Chennai: The death of two-year-old Sujith Wilson after being trapped in an unused farm borewell near Tiruchirappalli for over 3 days, has once again brought back the focus on such uncovered defunct borewells.
Efforts of rescue teams NDRF and SDRF for three consecutive days and the deployment of the best technology available had failed to save the boy.
Repeat incidents of children falling into abandoned borewells in Tamil Nadu had prompted the state government to notify rules early in 2015, mandating safety measures, including filling discarded wells upto ground level.
After Tamil Nadu witnessed such repeat incidents in April 2014, the government amended local laws in August that year, including the 'Tamil Nadu Panchayats Act' to further regulate sinking of wells and related aspects like its proper maintenance.
The amendments mandated permission from authorities for sinking wells and its non-compliance, attracting a minimum of three years imprisonment.
After such amendments, the government notified the 'Tamil Nadu Panchayats Rules' and 'The TN Municipalities Rules,' both on regulation of sinking of wells and safety measures, in early 2015.
Under the norms, a permit has to be taken for sinking, deepening or rehabilitation of a well and an application has to be made for grant of certificate of registration to carry on the business of sinking wells.
The rules on safety aspects mandate that every holder of the permit or owner of a well in use or disuse, shall, while sinking, deepening or rehabilitating a well, adhere to specified norms.
It should be ensured that the well is not left uncovered during recess or cessation of work.
Clause 'd' under the head safety measures specifies "fill up abandoned wells upto the ground level using clay, sand, boulder or any other suitable materials."
Before commencing work, signboards should be erected in a conspicuous manner at the site of the well, displaying the nature, width and depth of the well and the name, address and contact details of the owner.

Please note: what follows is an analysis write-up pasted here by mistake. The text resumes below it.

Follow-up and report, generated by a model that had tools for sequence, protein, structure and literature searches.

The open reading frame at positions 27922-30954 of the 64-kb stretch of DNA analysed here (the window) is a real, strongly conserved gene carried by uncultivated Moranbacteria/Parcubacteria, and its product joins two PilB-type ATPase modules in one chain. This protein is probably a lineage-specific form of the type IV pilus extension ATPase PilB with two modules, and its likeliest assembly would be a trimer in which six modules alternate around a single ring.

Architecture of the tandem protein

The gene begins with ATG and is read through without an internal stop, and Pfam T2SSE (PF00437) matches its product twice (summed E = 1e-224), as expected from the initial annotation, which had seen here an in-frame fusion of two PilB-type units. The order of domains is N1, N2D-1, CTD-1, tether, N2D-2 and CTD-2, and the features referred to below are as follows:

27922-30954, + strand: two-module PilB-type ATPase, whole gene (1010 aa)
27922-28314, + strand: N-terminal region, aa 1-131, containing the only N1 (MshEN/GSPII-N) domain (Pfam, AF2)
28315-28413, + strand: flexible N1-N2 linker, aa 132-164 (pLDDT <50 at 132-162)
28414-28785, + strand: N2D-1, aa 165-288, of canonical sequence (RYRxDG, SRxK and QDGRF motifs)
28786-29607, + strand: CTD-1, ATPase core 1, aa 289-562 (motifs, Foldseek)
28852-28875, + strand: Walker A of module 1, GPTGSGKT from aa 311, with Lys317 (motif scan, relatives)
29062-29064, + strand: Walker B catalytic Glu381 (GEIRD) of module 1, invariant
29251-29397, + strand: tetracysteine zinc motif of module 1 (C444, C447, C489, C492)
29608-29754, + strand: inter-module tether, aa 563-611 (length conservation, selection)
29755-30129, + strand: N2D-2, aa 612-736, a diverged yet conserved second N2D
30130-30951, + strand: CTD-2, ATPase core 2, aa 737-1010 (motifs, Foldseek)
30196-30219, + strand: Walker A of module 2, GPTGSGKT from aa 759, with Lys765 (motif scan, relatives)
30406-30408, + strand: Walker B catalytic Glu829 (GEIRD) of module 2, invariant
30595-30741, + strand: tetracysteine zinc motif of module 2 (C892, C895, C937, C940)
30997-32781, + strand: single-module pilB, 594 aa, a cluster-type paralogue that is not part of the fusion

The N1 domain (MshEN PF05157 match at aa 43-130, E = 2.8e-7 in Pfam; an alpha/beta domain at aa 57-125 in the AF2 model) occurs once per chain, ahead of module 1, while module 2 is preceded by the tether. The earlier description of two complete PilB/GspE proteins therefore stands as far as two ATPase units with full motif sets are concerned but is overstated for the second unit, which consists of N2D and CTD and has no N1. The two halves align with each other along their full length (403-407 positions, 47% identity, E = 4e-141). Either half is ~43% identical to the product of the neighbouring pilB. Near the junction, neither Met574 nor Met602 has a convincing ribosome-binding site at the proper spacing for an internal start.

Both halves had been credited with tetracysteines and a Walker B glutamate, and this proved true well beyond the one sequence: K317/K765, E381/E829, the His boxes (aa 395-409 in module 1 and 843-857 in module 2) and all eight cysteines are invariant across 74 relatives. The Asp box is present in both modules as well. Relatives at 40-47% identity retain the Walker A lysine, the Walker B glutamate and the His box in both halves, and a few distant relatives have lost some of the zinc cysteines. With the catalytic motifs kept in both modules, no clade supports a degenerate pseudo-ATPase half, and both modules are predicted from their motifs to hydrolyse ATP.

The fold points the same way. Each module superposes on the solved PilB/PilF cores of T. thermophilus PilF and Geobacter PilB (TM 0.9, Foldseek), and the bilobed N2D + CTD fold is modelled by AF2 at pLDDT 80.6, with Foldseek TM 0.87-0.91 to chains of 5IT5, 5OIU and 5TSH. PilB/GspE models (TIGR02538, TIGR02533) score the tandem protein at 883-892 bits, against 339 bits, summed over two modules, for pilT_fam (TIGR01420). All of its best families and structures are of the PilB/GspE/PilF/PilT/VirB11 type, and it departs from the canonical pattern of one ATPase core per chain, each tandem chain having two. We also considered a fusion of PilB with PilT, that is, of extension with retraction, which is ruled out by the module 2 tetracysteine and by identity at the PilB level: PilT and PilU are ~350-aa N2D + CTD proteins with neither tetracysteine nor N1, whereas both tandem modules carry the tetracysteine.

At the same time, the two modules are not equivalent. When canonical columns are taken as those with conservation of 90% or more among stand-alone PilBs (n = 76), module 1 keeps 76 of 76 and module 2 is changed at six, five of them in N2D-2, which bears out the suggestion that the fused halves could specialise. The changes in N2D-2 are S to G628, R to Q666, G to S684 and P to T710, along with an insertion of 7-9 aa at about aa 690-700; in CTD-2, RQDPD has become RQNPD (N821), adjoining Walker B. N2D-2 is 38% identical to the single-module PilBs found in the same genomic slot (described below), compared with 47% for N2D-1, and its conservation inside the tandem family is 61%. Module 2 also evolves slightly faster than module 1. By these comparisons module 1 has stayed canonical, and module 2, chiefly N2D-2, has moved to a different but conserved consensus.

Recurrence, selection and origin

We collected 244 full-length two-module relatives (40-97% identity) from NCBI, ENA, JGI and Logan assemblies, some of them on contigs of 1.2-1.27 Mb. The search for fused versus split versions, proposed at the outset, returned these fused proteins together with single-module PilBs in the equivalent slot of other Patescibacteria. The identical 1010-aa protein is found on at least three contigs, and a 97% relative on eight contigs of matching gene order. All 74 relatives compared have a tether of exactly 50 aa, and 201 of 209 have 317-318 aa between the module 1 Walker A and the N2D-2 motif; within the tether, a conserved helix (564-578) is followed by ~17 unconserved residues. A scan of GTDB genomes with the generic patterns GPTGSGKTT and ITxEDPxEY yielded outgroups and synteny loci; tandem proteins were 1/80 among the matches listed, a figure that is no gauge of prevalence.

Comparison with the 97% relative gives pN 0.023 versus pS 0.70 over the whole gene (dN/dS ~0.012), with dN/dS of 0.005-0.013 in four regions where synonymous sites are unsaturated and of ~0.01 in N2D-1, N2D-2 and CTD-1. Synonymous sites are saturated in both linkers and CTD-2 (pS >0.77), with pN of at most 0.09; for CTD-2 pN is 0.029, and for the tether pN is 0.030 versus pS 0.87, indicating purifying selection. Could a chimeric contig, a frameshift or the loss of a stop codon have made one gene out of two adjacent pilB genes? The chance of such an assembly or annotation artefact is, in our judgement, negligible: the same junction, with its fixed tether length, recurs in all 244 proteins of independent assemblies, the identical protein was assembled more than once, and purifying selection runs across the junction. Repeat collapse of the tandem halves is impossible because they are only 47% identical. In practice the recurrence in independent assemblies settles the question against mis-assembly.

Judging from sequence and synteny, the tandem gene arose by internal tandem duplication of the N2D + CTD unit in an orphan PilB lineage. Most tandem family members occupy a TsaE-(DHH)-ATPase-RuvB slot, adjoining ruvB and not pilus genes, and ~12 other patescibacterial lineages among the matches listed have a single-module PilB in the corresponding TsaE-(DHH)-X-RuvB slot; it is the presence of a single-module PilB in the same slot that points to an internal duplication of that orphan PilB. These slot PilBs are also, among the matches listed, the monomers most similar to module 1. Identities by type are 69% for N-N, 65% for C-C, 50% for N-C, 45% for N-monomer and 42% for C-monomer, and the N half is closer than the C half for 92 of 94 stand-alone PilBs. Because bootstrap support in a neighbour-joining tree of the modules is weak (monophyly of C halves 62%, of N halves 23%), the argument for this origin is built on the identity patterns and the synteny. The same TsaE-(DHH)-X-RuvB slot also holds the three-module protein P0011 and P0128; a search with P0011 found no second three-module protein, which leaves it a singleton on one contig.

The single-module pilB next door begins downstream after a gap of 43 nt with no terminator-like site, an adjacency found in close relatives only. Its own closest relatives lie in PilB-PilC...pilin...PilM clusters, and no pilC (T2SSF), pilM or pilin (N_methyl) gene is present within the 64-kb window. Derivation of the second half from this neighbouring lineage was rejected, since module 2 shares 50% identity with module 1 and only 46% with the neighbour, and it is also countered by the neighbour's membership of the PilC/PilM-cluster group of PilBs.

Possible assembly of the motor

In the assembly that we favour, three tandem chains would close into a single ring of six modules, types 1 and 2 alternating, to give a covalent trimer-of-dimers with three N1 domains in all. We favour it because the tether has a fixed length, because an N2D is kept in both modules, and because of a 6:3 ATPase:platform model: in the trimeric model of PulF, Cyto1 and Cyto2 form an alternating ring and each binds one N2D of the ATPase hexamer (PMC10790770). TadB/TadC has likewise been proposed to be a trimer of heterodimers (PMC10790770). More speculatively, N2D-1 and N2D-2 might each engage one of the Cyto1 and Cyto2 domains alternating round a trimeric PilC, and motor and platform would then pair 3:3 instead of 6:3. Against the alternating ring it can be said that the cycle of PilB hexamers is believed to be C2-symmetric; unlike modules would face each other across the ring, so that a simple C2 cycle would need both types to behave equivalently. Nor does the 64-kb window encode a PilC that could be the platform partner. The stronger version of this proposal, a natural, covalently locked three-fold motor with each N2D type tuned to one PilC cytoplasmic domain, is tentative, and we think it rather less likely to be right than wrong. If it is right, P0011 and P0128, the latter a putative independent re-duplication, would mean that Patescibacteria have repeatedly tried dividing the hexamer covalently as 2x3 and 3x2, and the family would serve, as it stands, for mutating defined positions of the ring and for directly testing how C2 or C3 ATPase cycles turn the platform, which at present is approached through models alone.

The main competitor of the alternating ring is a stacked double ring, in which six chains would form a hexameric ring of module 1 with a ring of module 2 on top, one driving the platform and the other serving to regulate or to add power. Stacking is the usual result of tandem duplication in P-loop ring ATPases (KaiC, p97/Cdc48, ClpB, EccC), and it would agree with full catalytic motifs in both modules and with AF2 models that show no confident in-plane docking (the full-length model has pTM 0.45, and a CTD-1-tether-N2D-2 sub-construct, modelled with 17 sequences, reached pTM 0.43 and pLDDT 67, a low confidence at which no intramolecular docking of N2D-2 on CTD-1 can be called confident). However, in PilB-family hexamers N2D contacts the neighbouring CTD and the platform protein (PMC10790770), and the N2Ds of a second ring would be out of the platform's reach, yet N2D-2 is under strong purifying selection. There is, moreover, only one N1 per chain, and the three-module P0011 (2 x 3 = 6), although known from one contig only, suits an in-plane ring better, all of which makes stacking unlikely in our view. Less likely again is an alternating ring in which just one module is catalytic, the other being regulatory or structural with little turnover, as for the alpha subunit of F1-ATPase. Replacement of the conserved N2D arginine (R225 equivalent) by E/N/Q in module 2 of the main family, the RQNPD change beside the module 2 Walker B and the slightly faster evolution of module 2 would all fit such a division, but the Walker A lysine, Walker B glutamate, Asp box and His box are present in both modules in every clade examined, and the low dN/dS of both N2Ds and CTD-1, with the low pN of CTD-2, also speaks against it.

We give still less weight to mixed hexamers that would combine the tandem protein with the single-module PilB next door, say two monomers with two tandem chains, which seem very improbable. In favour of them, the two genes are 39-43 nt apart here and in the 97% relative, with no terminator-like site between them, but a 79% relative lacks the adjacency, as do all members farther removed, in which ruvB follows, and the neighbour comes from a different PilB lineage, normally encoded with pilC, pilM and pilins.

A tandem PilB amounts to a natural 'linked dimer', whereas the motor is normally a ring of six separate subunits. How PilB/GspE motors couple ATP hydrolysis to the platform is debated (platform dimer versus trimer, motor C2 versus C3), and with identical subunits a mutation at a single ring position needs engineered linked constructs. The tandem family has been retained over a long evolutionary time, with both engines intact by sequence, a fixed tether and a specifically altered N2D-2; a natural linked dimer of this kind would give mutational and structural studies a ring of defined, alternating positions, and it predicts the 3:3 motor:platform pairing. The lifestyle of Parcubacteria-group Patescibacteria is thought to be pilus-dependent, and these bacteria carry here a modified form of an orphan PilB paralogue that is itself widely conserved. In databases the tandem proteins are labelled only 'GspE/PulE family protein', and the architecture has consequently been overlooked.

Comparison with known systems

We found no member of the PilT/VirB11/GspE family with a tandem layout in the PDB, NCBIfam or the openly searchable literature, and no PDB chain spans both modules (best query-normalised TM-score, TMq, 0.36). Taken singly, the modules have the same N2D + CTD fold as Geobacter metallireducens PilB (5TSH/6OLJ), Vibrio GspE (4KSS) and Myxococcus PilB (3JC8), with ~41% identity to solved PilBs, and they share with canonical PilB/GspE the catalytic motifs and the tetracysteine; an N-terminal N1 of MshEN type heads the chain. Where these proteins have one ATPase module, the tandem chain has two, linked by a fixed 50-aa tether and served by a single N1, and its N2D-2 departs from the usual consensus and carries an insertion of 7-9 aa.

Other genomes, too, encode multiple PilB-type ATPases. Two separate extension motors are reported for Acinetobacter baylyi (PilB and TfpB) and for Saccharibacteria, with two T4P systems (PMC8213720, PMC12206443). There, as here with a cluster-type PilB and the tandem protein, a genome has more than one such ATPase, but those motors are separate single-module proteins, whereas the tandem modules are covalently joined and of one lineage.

The rules also mandate that barbed wire fencing or any other suitable barrier be put up around the site of the well.
On such rules mandating safety measures, senior advocate Sudha Ramalingam said though there are laws to govern the matter, she alleged "lethargic execution and lack of proper supervision" by competent authorities.
"We wake up only when something of this sort happens and later forget it. There is no proper understanding of the rules and people are also not cooperative.
It may not be prudent to look forward to the government to correct things in my compound. It is my duty to see that a defunct borewell in my backyard is properly shut," she told PTI, adding that as a nation "we have very little regard for human lives."
In September 2014, the Madras High Court had disposed a PIL plea on abandoned borewells after the Tamil Nadu government submitted that suitable amendments have been made to enactments to provide for more regulations and stringent punishment.
Such incidents have occurred in other parts of the country as well, including neighbouring Karnataka, which had years ago said a total of 1,47,786 defunct borewells have been closed in view of mishaps involving children.
In the wake of such incidents, the Supreme Court had in 2010 directed all states to cap all abandoned borewells in their territories and to properly fence all the working wells to prevent small children falling into them.
The top court had also directed random inspection of the abandoned wells by authorities.
(With inputs from PTI.)